11 12 2017

Joseph and his diploma – first class!

It’s been nearly a month since the very Zimbabwean coup that forced Robert Mugabe out of his 37 year reign over Zimbabwe. Much has happened.

Emerson Mnangagwa has been sworn in as the new president, he has appointed a cabinet which had to be reshuffled just 2 days later as there were too many non-parliamentarians in it and a budget has been presented for next year. The latter goes a long way to reduce the bloated government budget by making cuts to various ministries and doing away with a lot of travel perks that were the hallmark of the Mugabe regime. Mnangagwa even refused to attend the inauguration of the Kenyan president as he was “too busy” which was not an excuse that Mugabe ever used. The ubiquitous police roadblocks of the Mugabe era are still mercifully absent making everyday commuting much less stressful but not less dangerous – Zimbabweans must still rank as among the continent’s worst drivers.

In his inauguration speech Mnangagwa, or just ED, said that the land redistribution that Mugabe used to trash the country’s economy was irreversible but that displaced farmers would be compensated. No further details have been forthcoming but a friend who farms near Chinhoyi some 1.5hrs NW of Harare had his squatters kicked off by the military last Monday completely unexpectedly. He  immediately got on with his sowing for the summer crops (he’d been at the point of leaving the farm).

The issue of what will become of our domestic/pseudo US dollar currency remains vague. A visit today to a newly opened hardware superstore (well, a superstore by Zimbabwe standards) revealed that prices were still stupidly high if priced in US dollars as the till slip claimed.

Alex Magaisa, a Zimbabwean constitutional law professor working in the UK, was grudgingly impressed by the 2018 budget (you can read his comments here) but Tendai Biti, opposition parliamentarian and one time Finance Minister, was not though I suspect the only budget he’d like would be his own.

The more odious of the G40 faction of the ruling ZANU-PF party that was gunning to get Grace Mugabe, the ex-president’s wife, lined up for her husband’s job, were rounded up, roughed up in the case of Ignatius Chiombo, and paraded before the courts. A judge said that Chiombo had been illegally detained (true) and set a bail of $5000 and he has to report three times a day to a police station. Other odious characters of the G40 group remain at large, probably in South Africa. The most vocal of these is one Jonathan Moyo who is a Twitterer in the mold of Donald Trump. He is also a slime-ball (the Americans do have some delightful terms!).

Zimbabweans have embraced politics. Everyone has an opinion – even the doormat salesman whom I engaged at the traffic lights on 2nd Street and Churchill Avenue – and the national constitution is hotly debated on the social media. My friend Shelton, who uses the public transport extensively, tells me that he’s had minibus drivers go out of their way to drop him off at his destination just to finish the political conversation. People were generally too terrified to discuss politics under the Mugabe regime.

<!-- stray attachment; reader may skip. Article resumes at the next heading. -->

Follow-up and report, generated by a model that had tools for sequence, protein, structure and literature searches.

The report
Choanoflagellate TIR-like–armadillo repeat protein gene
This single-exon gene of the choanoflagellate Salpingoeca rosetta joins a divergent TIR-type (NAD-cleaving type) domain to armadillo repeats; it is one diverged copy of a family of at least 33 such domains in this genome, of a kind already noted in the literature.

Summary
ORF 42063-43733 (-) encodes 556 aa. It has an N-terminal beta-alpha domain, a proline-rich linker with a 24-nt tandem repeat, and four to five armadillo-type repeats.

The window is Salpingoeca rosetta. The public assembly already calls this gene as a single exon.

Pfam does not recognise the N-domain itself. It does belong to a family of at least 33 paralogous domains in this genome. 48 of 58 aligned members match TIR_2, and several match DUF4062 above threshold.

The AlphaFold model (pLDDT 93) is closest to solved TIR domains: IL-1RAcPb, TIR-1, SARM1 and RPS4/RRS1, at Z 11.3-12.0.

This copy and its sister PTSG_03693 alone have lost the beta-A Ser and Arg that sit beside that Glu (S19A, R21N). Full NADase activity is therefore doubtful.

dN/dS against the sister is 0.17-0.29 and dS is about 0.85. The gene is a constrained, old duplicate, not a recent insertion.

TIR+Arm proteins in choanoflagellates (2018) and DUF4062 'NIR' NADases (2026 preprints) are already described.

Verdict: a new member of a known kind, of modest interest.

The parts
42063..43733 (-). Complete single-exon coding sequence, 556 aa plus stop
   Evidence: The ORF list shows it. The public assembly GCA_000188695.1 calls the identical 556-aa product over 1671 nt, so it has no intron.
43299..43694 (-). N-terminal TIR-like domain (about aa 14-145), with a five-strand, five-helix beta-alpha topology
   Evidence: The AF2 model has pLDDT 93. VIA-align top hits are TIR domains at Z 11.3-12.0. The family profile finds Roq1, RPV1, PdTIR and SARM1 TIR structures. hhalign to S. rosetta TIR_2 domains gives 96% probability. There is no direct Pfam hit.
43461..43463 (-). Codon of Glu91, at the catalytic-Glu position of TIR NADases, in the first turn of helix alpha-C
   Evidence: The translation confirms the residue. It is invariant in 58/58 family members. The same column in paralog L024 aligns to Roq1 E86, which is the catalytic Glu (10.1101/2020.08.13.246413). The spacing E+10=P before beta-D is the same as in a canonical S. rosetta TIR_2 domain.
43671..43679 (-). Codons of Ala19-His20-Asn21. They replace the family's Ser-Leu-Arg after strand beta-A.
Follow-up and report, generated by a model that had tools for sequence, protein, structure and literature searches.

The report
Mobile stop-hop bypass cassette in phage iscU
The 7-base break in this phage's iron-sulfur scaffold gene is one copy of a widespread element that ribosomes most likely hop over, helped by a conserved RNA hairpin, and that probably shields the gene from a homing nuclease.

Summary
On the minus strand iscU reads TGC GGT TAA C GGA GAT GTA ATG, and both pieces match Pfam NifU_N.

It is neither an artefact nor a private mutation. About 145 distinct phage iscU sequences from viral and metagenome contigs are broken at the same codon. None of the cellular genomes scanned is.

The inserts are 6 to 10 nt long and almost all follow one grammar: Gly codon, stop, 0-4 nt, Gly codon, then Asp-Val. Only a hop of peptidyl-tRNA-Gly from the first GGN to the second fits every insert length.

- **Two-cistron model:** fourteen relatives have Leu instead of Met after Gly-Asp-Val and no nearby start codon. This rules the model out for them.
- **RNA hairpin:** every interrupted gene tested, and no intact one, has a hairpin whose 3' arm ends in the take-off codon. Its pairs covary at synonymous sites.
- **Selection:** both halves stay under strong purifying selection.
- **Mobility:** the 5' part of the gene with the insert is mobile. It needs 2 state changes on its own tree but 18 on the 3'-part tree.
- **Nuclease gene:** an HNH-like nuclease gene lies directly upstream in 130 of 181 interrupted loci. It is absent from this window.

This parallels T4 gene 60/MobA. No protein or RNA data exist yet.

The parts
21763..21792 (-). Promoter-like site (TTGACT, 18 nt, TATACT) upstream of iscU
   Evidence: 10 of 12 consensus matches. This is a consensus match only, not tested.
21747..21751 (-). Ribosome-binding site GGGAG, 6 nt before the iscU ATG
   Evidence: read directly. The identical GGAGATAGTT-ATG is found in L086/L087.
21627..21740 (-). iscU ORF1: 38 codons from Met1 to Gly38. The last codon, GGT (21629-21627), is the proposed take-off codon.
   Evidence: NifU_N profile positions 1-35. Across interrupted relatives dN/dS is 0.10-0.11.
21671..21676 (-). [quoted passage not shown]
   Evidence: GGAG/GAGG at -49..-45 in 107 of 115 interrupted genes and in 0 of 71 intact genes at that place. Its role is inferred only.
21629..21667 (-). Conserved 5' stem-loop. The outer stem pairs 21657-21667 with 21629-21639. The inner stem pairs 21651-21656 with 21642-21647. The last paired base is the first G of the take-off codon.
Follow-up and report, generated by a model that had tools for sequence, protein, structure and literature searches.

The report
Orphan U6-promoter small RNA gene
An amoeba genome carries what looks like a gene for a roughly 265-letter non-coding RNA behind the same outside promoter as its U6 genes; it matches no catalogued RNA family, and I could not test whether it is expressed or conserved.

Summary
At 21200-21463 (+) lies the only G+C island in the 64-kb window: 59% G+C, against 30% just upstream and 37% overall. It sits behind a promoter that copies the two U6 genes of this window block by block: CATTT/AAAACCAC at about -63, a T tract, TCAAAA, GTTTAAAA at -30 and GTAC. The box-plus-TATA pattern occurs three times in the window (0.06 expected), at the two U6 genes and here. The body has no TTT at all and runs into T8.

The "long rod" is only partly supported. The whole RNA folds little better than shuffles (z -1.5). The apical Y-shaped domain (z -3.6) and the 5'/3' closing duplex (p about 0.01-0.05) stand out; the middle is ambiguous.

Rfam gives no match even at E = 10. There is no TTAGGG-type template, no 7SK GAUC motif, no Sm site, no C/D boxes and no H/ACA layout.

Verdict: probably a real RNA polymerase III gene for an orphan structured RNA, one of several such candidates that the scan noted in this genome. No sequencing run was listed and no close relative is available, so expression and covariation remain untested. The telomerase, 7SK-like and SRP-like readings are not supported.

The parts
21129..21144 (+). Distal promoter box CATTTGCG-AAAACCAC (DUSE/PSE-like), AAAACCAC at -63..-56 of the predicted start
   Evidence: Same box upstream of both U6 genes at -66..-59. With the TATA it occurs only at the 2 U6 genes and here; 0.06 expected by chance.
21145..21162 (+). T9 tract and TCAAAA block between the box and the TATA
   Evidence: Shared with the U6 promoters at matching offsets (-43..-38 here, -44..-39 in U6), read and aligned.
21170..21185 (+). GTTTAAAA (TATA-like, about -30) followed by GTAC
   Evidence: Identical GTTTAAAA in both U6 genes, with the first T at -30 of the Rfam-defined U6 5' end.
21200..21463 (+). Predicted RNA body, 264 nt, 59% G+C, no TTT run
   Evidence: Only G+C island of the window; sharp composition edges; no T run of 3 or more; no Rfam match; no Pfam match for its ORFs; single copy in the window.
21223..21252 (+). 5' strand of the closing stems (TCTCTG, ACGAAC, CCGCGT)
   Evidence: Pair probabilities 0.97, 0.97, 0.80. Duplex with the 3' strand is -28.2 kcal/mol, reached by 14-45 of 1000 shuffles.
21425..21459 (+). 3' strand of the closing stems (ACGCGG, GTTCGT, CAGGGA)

The euphoria immediately following the resignation of Mugabe is now gone. We have been disappointed too many times in the past to get excited. In true Zimbabwe fashion we will wait and see. Joseph, the student in the picture, who did a 4 week attachment earlier this year at my nursery is off to Australia to further his studies. He admitted that he wasn’t that optimistic about Zimbabwe’s future but 4 years is a long time by African standards so who knows what will happen in that time?




The party is over

23 11 2017

Bob’s birthday celebratory billboard. I had designs on this one but was beaten to it. His glasses are just still visible top right.

It’s been an extraordinary week. Robert Mugabe resigned his presidency at the last moment as a multi-party committee was discussing reasons for his impeachment. Jubilation ran rampant through the country and, here in Harare, people partied for 24 hours straight. They had good reason to – Mugabe had ruled with an iron fist for 37 years and for many people he was the only president they’d known. He tolerated no dissent within or without the party and opponents were eliminated (the Heroes Day public holiday honours list ceased to be shown when it became apparent just how bad drivers many of his opponents were) and freedom of speech existed only in the national constitution. In the end his extreme age and increasingly poor judgement gave his recently fired vice president, Emmerson Mnangagwa, reason to move against him with the assistance of the army who mounted a non-coup (see previous post) and he buckled under the pressure.

Mnangagwa, sometimes known as The Crocodile or just ED, will be sworn in tomorrow as the new president of Zimbabwe. It will be his job to resuscitate the comatose Zimbabwe economy and hopefully bring back a semblance of compliance with the constitution. The first obstacle is a general election that must be held in the first 6 months of next year and already there is speculation about how free and fair it will be for Mnangagwa is the chairman of ZANU-PF, the ruling party that Mugabe claimed as his own over the last 37 years. To assume that the ruling party has any intention of playing free and fair given that they beat and cheated their way to victory in 2008 and 2013 would be naive indeed. The generals who concocted the non-coup that forced Mugabe out will also want their piece of the pie (statesmen they are not) and rewards for the considerable risks they took. We might have decapitated the monster and found a new head but it’s still the same body. A cynical friend commentated that we are just swapping one group of mbhavha (thieves) for another.